During thousands of years people have developed certain laws and traditions. Later, modern laws and legal codes were written on their basis. Some people think that all these rules of our life were given by the God, some by aliens, and some people think that they are the product of years of experience and logic. The important thing is that these laws and rules work.
In Judaism there is a whole body of laws of proper nutrition – Kashrut. The great Torah scholar Rabbi Moshe ben Maimon (Rambam), who was also one of the most famous doctors of his generation, attempted to provide a logical explanation of the laws of kashrut on a medical basis. He proceeded from the principle that whatever the Torah forbids Jews to eat is harmful to health. And everything that the Torah permits cannot harm.
If you observe kashrut, the condition must be that the amount of food and the times at which it is eaten are strictly defined. The Rambam, for example, said that the absence of scales on a fish (which is a sign of non-kosher fish) is only a purely external indicator, allowing people to see that a given fish is unfit for food. The Torah, by requiring us to keep kashrut, provides us with a reliable key for discerning what is healthy and what is harmful. It should be noted that modern medicine recognizes that there is much that is medically correct in the basics of Rambam’s system, and often uses his approach.
However, many Torah authorities, who also had great knowledge of medicine, and one of them was Rabbi Moshe ben Nachman (Ramban), did not agree with Rambam. His argument was: If non-Jews eat most of the foods that are forbidden to Jews, can we say that it is really harmful to their health?
The Ramban believes that the food forbidden by the Torah is detrimental, not to the health of our bodies, but to the health of our souls. He points out that most of the birds forbidden by kashrut are birds of prey (eagle, falcon, hawk). In contrast, the birds that are allowed (chickens, pigeons, geese, swans) are of a peaceful, quiet disposition and do not eat meat. According to the Ramban, the meat of birds of prey influences the character of the person who eats it and gives him those negative qualities characteristic of these birds.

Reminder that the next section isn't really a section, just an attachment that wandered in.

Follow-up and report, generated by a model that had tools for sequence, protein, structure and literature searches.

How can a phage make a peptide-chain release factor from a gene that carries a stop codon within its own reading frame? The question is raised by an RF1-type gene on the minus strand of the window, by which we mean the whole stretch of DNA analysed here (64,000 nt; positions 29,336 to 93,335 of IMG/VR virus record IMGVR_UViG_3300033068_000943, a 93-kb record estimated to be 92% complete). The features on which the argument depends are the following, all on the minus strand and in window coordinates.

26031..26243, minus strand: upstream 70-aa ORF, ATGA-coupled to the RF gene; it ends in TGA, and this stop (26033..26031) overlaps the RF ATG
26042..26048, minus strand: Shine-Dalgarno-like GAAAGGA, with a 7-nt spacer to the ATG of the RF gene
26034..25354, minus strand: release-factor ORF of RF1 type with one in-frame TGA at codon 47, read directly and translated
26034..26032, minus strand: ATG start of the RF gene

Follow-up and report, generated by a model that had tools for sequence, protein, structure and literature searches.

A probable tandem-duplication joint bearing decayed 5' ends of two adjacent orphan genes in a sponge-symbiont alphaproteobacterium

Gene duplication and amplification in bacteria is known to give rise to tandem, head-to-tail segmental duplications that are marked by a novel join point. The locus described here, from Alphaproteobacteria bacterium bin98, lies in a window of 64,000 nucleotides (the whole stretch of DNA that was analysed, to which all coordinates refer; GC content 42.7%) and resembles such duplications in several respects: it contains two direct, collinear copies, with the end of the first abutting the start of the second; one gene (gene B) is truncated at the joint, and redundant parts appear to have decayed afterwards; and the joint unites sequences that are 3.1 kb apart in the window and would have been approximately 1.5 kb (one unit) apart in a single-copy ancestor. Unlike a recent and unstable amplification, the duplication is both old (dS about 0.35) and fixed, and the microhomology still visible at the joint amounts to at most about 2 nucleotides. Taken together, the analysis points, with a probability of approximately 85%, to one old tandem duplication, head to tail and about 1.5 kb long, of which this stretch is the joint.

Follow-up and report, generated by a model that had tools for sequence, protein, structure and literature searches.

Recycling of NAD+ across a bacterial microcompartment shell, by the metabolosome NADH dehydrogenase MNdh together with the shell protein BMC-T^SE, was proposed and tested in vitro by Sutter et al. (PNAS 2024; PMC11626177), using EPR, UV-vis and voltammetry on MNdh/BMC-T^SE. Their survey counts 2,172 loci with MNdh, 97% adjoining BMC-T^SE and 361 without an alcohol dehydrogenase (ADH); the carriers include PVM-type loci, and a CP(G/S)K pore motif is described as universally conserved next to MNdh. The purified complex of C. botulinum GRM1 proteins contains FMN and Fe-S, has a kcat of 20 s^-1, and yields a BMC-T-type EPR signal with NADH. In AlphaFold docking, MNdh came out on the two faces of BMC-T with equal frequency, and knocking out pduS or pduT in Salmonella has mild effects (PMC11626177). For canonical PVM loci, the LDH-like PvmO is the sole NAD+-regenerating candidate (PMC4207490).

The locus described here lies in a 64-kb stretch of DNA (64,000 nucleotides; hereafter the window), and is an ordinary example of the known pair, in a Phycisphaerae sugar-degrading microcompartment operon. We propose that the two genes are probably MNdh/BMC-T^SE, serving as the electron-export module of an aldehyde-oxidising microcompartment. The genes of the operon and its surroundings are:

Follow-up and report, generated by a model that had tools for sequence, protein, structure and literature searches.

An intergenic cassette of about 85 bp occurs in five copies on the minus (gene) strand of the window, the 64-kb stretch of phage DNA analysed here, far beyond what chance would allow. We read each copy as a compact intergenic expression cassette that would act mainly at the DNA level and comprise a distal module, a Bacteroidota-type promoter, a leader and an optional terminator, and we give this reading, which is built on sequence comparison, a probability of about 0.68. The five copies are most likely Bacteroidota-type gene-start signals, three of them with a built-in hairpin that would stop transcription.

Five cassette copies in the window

From this point of view, the Torah’s repeated prohibition to eat blood (badly fried food) becomes understandable: eating blood develops a habit of cruelty in a person, develops in him the qualities of a destroyer and murderer. The Torah says, “Blood is the soul,” and the soul is harmed by eating blood.
Other thinkers, however, explain kashrut not in terms of whether forbidden food harms the soul or the body, but as a means against the assimilation of the people of Israel among other peoples. However, we will leave that to each individual to decide for himself – this is a beer portal, not a religious forum.
Beer was born in the Middle East, in those days it was called “sheikhar”. Over the years, certain rules and requirements for its production have been developed, and they have not changed much today.
The kashrut requirements for the production of beer are quite clear and not overly stringent in comparison to the production of other cereal products. Beer, unlike wine and bread, can also be brewed by “non-Jews” as long as the other kashrut rules are observed.
The main problems are with malt. The most important requirement for malt is the barley harvest. Kosher barley is considered barley that was grown and harvested during the winter season (between Sukkot and Passover), otherwise, it must rest. All batches of malt are strictly monitored by a special rabbi based in Munich, who sends the breweries a list of the allowed batches of grain for brewing.
It is categorically forbidden to have all sorts of bugs in the ingredients. Usually problems sometimes arise not with malt, but with its substitutes, such as corn. Also, there are no problems with hops and yeast, because they are not of animal origin, and bugs do not breed there. And, of course, the brewery must have a person well versed in these complexities, i.e. a rabbi, with the proper credentials.
In addition to the requirements for materials, there exist certain rules for the production of beer itself. They are fairly standard. Jews are not allowed to work on the Sabbath, by the way, this is an excellent rule. Jews are not only are we not allowed to produce, but we are not allowed to touch the ingredients of beer during Peisach. In case of technical problems during this period, they can be fixed by “non-Jews” people who also work in breweries.
You can agree or disagree with these rules, you can abide by them or break them, but to ignore the wisdom that has come to us through the millennia is unwise, to say the least.